M3 iMac teardown reveals the inside has changed as much as the outside

Macworld

Although it’s been on shelves for a while, iFixit recently performed a teardown of the M3 iMac, and to no one’s surprise, the internal design and components are a lot like that of the M1 iMac it replaced. The one major change (besides the System on a Chip upgrade) is that the new iMac now uses a single Complementary Metal Oxide Semiconductor (CMOS) battery instead of the two that were in the older iMac. (A CMOS battery is used in desktop Macs to store data in the motherboard’s BIOS and usually lasts many years without needing to be replaced.)

Besides that, everything else about the M3 iMac is like the M1 iMac, which iFixit tore down back in 2021. The innards of the iMac are dominated by two grill chambers, and the connector to the stand has a lot of screws. The motherboard takes up a small amount of space at the bottom of the case, and the ports are housed in modules that are easily replaceable.

Apple uses an adhesive to attach the display to the case. The adhesive can be easily removed and replaced, but it’s not as simple as the magnetic attachment that was used in the Intel-based iMac. iFixit gave the M1 iMac a repairability score of 2 out of 10 (10 being the easiest), but they haven’t published a score for the M3 iMac, which would likely get the same score–we can’t imagine the CMOS battery change would influence its opinion much if it all.

iMac

​Macworld Macworld

Although it’s been on shelves for a while, iFixit recently performed a teardown of the M3 iMac, and to no one’s surprise, the internal design and components are a lot like that of the M1 iMac it replaced. The one major change (besides the System on a Chip upgrade) is that the new iMac now uses a single Complementary Metal Oxide Semiconductor (CMOS) battery instead of the two that were in the older iMac. (A CMOS battery is used in desktop Macs to store data in the motherboard’s BIOS and usually lasts many years without needing to be replaced.)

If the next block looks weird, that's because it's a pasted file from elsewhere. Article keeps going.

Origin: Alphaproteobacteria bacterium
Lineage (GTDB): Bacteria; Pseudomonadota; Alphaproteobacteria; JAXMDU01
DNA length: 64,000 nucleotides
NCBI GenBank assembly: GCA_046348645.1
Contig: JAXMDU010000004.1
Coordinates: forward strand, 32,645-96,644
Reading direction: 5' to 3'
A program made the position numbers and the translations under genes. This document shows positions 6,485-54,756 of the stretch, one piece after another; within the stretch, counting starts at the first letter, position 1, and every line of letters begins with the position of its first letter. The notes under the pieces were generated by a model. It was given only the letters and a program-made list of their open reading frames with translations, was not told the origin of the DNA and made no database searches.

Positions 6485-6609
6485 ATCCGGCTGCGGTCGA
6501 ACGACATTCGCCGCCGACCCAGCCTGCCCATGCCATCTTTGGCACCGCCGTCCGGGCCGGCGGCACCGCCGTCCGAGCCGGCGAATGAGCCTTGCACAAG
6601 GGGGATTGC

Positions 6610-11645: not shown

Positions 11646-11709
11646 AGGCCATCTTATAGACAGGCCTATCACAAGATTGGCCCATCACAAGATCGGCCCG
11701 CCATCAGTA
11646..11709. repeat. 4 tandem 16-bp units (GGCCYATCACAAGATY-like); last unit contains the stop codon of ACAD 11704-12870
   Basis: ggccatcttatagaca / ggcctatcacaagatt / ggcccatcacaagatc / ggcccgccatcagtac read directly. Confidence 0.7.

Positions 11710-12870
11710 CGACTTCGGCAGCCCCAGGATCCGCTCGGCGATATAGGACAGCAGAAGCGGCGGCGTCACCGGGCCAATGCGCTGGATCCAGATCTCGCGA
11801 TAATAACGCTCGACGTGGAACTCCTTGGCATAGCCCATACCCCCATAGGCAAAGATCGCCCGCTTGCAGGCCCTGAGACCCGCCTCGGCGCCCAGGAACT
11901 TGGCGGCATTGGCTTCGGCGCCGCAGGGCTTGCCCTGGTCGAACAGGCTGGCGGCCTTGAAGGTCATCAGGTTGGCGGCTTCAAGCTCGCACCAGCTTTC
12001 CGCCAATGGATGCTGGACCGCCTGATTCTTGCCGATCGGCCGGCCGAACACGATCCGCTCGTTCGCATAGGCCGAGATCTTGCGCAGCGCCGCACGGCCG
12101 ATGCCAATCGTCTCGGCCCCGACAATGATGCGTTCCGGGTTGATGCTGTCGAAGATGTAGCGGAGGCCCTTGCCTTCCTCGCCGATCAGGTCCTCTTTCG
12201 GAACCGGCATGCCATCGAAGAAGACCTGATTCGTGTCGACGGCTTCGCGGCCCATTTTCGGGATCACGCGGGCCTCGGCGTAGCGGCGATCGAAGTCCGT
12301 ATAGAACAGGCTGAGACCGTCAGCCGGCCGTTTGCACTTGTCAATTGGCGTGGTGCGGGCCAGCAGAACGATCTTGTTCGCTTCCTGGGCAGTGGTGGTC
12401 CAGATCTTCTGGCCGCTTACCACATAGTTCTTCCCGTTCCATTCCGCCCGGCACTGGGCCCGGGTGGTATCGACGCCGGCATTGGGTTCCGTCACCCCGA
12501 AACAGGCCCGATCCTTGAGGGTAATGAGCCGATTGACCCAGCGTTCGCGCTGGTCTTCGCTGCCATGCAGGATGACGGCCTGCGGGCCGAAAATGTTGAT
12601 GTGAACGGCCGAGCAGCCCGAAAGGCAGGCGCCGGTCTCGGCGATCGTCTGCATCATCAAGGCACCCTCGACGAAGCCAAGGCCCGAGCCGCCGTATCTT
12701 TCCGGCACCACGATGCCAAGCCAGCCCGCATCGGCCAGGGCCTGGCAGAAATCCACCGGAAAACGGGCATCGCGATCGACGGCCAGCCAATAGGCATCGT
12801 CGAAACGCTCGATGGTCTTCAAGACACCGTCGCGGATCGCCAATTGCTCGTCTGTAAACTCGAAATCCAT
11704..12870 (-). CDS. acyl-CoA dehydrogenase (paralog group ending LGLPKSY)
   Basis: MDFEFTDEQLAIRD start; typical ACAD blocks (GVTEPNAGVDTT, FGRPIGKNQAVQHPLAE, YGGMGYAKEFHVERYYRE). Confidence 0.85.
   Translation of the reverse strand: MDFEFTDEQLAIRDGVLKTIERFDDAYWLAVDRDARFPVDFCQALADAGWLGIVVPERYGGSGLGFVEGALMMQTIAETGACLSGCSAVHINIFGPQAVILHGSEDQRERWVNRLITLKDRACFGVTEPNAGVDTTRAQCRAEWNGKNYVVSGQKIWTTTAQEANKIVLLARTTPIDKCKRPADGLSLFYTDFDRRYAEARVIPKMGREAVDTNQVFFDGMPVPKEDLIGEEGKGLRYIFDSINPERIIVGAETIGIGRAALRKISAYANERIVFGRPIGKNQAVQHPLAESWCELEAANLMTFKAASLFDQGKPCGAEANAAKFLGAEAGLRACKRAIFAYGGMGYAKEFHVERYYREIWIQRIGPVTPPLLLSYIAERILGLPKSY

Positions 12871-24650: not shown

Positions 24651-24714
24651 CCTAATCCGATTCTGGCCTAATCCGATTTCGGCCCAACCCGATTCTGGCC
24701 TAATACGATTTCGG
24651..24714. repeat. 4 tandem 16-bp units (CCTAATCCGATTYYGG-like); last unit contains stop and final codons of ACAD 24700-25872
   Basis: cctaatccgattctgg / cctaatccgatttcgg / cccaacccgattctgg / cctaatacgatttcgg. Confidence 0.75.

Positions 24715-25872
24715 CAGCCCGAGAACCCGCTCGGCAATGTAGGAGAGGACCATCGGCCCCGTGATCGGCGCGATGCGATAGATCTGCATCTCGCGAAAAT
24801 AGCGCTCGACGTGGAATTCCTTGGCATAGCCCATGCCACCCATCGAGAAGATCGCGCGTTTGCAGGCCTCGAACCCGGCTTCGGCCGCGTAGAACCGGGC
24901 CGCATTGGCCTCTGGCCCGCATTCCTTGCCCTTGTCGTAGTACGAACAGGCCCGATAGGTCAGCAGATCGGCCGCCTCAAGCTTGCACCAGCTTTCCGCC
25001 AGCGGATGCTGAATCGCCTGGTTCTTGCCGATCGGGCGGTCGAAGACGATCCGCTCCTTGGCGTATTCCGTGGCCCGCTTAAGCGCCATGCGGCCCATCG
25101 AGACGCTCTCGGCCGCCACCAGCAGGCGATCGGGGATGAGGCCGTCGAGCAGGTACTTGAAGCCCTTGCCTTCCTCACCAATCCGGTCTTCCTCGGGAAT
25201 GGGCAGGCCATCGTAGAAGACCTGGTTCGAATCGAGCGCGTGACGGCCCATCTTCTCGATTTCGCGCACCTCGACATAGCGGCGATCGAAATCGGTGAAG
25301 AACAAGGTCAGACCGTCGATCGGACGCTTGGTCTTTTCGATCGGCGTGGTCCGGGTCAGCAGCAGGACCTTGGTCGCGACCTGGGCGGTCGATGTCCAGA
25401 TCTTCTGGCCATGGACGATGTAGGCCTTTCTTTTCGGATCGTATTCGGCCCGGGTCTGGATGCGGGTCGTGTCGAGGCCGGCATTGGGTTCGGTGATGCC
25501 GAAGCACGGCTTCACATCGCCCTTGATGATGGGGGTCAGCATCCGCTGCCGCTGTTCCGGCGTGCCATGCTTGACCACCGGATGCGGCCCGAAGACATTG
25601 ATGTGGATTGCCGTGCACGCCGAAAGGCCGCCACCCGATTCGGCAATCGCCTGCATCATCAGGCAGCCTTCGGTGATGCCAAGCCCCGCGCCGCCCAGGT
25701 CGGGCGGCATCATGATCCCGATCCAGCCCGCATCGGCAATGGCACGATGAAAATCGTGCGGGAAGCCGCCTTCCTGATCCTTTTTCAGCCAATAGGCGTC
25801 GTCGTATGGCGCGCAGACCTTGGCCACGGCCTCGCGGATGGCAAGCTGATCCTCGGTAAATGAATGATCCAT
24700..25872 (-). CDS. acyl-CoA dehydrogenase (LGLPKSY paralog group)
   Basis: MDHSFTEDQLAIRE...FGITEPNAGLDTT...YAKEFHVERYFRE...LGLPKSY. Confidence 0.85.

Besides that, everything else about the M3 iMac is like the M1 iMac, which iFixit tore down back in 2021. The innards of the iMac are dominated by two grill chambers, and the connector to the stand has a lot of screws. The motherboard takes up a small amount of space at the bottom of the case, and the ports are housed in modules that are easily replaceable.

Apple uses an adhesive to attach the display to the case. The adhesive can be easily removed and replaced, but it’s not as simple as the magnetic attachment that was used in the Intel-based iMac. iFixit gave the M1 iMac a repairability score of 2 out of 10 (10 being the easiest), but they haven’t published a score for the M3 iMac, which would likely get the same score–we can’t imagine the CMOS battery change would influence its opinion much if it all.

iMac 

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